I have discovered that being in medicine has sucked the creative energy right out of me. Part of the reason is that it’s so time consuming, so intellectually stimulating, and so emotionally exhausting, that by the end of the day, week, or month, I can no longer find that inspired voice inside my head.
But I have regained a thread of inspiration, after spending a week in sunny Southern California with two girlfriends basking in the sun, soaking in a hot tub, and cleansing myself in the salty spray of the ocean. And instead of reading journal articles or textbook chapters while on the plane ride home, I impulsively picked up a great novel in the airport bookstore on the way home. It was “All You Could Ask For” by Mike Greenberg and it filled me with hope, inspiration, and a renewed sense of commitment to my writing.
While sitting in the hot tub under a full moon and sipping white wine from a water bottle, my girlfriends and I shared stories. We talked of our families, our struggles with our relationships, and our work. It reminded me how much I love stories, and why I have chosen not only medicine, but the field of physical medicine and rehabilitation. I could never have been an ER doctor as there isn’t enough time to hear the patient’s story. On our inpatient rehab floors, where patients are healing from strokes, traumatic brain injuries, spinal cord injuries, or just plain old deconditioning from being so sick, I am able to take the time, over many days and weeks, to hear people’s stories. How they got ill, how they are (or more likely are not) adjusting to their new disabilities, how their families are coping, where they have been in life, and where they’d like to go in the future. I am reminded that no matter how much paperwork or computer work or fighting with the insurance companies or billing issues threatens to kill my love of medicine, it can ever take away the magic that I feel when I am in a room with a patient listening to their stories.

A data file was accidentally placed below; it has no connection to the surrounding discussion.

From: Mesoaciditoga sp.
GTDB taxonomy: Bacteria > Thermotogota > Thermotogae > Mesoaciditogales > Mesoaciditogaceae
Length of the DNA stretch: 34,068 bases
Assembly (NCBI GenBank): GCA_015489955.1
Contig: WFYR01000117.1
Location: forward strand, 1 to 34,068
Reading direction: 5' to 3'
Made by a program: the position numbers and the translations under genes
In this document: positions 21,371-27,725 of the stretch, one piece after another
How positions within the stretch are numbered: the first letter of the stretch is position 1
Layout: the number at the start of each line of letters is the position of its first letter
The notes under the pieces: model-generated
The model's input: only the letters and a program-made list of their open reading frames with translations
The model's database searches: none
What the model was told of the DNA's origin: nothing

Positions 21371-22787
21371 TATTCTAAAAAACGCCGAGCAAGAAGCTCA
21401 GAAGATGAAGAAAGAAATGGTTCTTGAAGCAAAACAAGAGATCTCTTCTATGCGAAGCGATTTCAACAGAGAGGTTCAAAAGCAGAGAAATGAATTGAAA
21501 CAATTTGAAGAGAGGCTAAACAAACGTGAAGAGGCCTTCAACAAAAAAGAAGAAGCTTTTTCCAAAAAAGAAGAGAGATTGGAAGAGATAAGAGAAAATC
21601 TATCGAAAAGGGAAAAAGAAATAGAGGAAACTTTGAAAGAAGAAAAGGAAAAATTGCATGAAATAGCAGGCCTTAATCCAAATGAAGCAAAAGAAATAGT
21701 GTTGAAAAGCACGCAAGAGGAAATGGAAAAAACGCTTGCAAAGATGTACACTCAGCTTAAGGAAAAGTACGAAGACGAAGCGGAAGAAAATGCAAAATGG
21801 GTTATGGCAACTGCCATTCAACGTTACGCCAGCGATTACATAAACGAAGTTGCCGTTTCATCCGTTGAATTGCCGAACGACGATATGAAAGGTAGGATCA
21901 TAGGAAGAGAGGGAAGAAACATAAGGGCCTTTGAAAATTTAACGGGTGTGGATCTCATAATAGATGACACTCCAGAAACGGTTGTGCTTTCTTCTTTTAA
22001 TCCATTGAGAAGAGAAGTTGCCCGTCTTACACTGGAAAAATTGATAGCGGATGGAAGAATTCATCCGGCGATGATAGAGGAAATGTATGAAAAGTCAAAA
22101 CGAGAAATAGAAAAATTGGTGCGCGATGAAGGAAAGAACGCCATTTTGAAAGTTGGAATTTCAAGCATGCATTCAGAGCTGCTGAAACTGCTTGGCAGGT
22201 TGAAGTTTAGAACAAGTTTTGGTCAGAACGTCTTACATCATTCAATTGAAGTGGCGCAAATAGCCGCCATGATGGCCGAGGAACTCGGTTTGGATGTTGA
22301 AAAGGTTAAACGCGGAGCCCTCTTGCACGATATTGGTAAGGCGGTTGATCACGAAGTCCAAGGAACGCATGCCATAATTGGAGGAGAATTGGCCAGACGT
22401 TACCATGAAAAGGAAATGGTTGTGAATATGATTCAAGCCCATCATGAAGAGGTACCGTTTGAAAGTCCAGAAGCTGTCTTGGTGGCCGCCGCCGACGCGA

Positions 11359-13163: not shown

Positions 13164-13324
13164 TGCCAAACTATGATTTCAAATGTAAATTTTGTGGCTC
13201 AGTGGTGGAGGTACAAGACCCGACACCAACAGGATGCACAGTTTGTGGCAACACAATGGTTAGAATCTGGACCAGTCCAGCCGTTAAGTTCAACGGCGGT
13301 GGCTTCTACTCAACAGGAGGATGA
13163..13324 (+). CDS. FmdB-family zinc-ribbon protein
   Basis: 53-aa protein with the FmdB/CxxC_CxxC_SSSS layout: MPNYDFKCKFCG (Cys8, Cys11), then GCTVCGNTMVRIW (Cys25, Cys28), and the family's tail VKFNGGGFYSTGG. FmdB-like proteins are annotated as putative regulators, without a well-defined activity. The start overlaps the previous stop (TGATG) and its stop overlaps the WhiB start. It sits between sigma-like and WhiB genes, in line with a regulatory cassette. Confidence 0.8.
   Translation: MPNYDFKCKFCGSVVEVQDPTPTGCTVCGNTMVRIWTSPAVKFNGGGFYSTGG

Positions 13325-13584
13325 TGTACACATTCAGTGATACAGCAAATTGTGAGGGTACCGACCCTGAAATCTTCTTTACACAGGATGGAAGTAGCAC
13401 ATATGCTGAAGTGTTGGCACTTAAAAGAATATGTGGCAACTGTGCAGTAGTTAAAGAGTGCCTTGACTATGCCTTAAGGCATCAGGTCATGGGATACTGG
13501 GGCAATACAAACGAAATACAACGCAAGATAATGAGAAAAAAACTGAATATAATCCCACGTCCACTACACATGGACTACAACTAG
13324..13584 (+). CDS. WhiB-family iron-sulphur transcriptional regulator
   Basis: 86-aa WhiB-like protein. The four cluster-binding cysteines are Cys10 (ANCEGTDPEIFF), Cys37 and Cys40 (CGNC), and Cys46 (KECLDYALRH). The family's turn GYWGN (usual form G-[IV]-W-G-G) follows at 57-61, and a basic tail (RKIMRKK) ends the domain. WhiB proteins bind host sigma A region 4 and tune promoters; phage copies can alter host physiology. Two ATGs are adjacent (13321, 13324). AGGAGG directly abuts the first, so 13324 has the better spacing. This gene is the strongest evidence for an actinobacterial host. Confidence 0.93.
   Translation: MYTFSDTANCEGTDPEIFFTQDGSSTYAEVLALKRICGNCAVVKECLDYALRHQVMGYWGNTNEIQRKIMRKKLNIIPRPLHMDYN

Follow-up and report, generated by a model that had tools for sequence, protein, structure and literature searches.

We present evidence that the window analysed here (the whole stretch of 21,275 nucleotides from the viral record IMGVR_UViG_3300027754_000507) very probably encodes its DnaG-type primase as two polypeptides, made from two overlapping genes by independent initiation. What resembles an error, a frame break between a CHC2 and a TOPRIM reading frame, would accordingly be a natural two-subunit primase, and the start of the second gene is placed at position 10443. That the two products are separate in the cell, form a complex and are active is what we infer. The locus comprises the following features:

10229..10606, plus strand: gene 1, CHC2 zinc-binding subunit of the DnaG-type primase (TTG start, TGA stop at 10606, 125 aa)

While in that hot tub I also realized that I have experienced a lot of trauma in my training, and in my personal life, that I don’t think I have had time yet to process or heal. There is the woman with end stage lung cancer who died overnight during my intern year, in part because I erroneously listed her wishes in the computer as comfort measures only rather than do not resuscitate and do not intubate. There is the woman with end stage esophageal cancer who died in minutes after hemorrhaging up blood on the morning I was trying to get her home on hospice. There was the 20 year old with end stage sarcoma requiring a complete amputation of his right leg and hemi-pelvis trying to adjust to what he knew was soon to come.